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Idaho governor says federal-state program may tame wildfires

Idaho signed the agreement with the U.S. Department of Agriculture last year that allows state participation in federal timber sales and restoration work. File photo

Local, state and federal officials along with conservation groups and logging interests have to find common ground to reduce increasingly destructive wildfires in the U.S. West, Gov. Brad Little said Tuesday.

He told several hundred participants at an Idaho Forest Restoration Partnership meeting that they have the chance to make a new federal-state program called the “shared stewardship” agreement a success.

“We have got to get this done,” the Republican said. “I think the consensus from both ends of the scale is that we have to do this right.”

Idaho signed the agreement with the U.S. Department of Agriculture late last year that allows state participation in federal timber sales and restoration work like prescribed burns and tree planting on private, state and federal lands.

The partnership is tasked with finding two areas in the state by July 1 for shared stewardship activities that could ultimately become templates for other states. The group, comprised of logging companies, conservation groups, scientists, and state and federal officials, is meeting for a two-day workshop in Boise to discuss strategy.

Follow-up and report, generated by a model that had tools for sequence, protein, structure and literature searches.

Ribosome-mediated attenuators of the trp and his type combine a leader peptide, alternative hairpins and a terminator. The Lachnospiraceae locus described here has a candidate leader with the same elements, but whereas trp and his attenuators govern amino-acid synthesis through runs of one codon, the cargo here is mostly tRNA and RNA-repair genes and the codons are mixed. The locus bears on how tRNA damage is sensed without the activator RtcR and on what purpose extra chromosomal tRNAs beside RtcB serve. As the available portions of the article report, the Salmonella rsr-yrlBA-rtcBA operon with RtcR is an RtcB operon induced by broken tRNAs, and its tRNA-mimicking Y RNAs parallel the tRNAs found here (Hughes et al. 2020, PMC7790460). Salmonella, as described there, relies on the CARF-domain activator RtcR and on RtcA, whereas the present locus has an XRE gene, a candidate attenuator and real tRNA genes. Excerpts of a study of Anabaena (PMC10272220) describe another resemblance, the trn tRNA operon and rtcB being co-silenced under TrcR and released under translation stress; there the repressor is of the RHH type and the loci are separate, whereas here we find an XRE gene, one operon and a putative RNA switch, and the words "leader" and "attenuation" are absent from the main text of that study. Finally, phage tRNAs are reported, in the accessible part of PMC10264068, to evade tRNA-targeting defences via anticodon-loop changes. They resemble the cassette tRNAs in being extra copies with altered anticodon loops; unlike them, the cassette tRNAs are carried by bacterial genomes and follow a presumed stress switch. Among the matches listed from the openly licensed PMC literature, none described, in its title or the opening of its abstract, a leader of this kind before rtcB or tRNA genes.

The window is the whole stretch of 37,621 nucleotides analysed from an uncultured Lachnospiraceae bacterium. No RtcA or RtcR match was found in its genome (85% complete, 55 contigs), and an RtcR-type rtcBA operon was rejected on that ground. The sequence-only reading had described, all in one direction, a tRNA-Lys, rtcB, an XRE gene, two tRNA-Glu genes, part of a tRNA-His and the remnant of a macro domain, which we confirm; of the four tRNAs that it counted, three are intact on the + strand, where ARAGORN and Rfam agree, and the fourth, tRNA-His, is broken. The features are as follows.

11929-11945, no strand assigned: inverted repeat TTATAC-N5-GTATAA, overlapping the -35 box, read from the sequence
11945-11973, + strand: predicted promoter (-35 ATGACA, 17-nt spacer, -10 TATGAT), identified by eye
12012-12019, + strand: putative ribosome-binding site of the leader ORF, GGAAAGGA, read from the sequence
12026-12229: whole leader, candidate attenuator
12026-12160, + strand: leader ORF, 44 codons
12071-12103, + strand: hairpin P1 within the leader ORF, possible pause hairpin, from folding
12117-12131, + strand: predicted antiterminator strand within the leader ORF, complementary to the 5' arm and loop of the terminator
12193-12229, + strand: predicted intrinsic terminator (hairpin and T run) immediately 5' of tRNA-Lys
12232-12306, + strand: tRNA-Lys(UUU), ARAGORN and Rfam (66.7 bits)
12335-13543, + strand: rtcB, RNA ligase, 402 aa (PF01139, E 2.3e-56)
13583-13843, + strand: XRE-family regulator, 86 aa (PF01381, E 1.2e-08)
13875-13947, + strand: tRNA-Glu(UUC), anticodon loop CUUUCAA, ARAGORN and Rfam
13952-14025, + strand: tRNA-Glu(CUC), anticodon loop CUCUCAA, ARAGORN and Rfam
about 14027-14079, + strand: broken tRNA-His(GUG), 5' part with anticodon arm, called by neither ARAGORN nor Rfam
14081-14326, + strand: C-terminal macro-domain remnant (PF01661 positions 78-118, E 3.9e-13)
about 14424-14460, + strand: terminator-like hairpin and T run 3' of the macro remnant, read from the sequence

U.S. Department of Agriculture Undersecretary Jim Hubbard told the group public sentiment is behind collaborative, landscape-scale efforts.

“We’re seeing (lightning strike) ignitions that produce large fires that we can’t control,” he said. “We’re smoking out communities — enough that it’s a human health issue.”

The stewardship agreement is an outgrowth of a smaller program called the Good Neighbor Authority, created in the 2014 Farm Bill, which allows Idaho and other states to assist on timber sales and restoration work like prescribed burns on U.S. Forest Service land. Money made from timber sales pays for the restoration work as well as for workers assisting on the projects.

However, landscape-scale projects are needed to treat 9,500 square miles (24,600 square kilometers) of national forests in the state that are deemed at high risk of burning. It became clear to officials that the small amount being done under the Good Neighbor Authority would never get to all those areas.

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